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Continued: Minneapolis businesses face a patchwork of city regulations

  • Article by: MAYA RAO , Star Tribune
  • Last update: February 22, 2013 - 11:20 PM

The city cherishes neighborhood input because those residents “have to live and breathe it,” Wilson said.

Enforcement

Many restrictions follow the city catching bars and stores serving alcohol to underage customers, most recently Crosstown Quik N Serve BP on Penn Avenue S.

The store agreed in December to have all employees take alcohol-server training, post signs to ban the sale of alcohol to underage people, do in-house compliance checks and use a calendar that shows the date when someone turns 21. Chicago Lake Liquors, Brass Rail, Rick’s Cabaret and other establishments all agreed to take similar steps after they were caught serving underage people in recent years.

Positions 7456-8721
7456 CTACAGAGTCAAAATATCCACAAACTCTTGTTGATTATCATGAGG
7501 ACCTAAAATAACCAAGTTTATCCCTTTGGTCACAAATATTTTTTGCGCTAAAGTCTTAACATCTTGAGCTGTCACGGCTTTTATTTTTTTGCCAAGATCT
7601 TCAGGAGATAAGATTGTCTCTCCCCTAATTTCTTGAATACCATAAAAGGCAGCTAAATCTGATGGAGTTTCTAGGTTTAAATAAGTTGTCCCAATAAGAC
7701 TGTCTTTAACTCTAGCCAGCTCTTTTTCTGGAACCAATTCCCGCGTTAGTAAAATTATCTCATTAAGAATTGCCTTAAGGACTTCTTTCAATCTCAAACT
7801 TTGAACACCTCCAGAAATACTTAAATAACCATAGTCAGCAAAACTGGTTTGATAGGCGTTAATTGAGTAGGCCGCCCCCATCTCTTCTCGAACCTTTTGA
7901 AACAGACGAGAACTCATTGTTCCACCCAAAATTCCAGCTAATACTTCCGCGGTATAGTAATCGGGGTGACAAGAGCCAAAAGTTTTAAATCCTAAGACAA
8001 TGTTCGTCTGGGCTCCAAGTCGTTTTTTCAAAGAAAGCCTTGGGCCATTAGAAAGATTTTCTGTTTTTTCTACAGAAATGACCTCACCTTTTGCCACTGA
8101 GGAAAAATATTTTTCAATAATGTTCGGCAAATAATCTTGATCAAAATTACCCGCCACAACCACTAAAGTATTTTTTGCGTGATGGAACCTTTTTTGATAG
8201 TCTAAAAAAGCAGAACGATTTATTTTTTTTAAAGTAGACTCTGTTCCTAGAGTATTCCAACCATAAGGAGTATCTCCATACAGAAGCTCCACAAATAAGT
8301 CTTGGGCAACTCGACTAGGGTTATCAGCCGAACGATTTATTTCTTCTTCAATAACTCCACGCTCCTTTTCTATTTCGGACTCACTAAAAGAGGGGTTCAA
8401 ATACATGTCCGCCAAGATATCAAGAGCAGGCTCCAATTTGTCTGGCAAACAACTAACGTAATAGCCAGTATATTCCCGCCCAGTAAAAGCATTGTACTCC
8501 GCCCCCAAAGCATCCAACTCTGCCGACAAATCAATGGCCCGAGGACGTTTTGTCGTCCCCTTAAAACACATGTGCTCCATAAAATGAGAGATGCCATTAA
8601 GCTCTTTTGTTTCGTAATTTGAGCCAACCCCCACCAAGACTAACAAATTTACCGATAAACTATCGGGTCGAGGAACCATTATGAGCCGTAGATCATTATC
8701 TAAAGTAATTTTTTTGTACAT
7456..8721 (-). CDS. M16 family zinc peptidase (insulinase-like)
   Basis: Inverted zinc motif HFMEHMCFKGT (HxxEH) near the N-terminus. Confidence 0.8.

Most businesses with conditions attached have few or no problems. But the city viewed Envy nightclub downtown as troublesome enough to threaten to revoke its license last year after the club would not agree with the city to stop 18-plus events or at least to separate underage and 21-and-up patrons on those nights, according to Wilson.

Regulators observed fights, marijuana smoking in the bathroom and a chaotic scene on 18-plus nights, especially at closing. Around that time, officials announced plans to strengthen city ordinances to give them more power to impose conditions on the licenses of troublesome bars, and Envy has since surrendered its license.

One case study

But the problem dates back years before that, said Scott Harris, a lawyer who has represented bars in disputes with the city.

One client was the now-closed Gabby’s Saloon & Eatery, which the city fined $25,000, told to reduce its maximum occupancy by more than half and ordered to cease free-drink nights, among other conditions, to remedy complaints about customers who littered and caused a disturbance. The Minnesota Court of Appeals ruled in 2009 that the city went too far.

Now, Harris said, the city has given itself power it didn’t have back then.

“It’s going to be very unfairly used, I have little doubt about that, because [the ordinance is] just too vague,” he said.

 

Maya Rao • 612-673-4201

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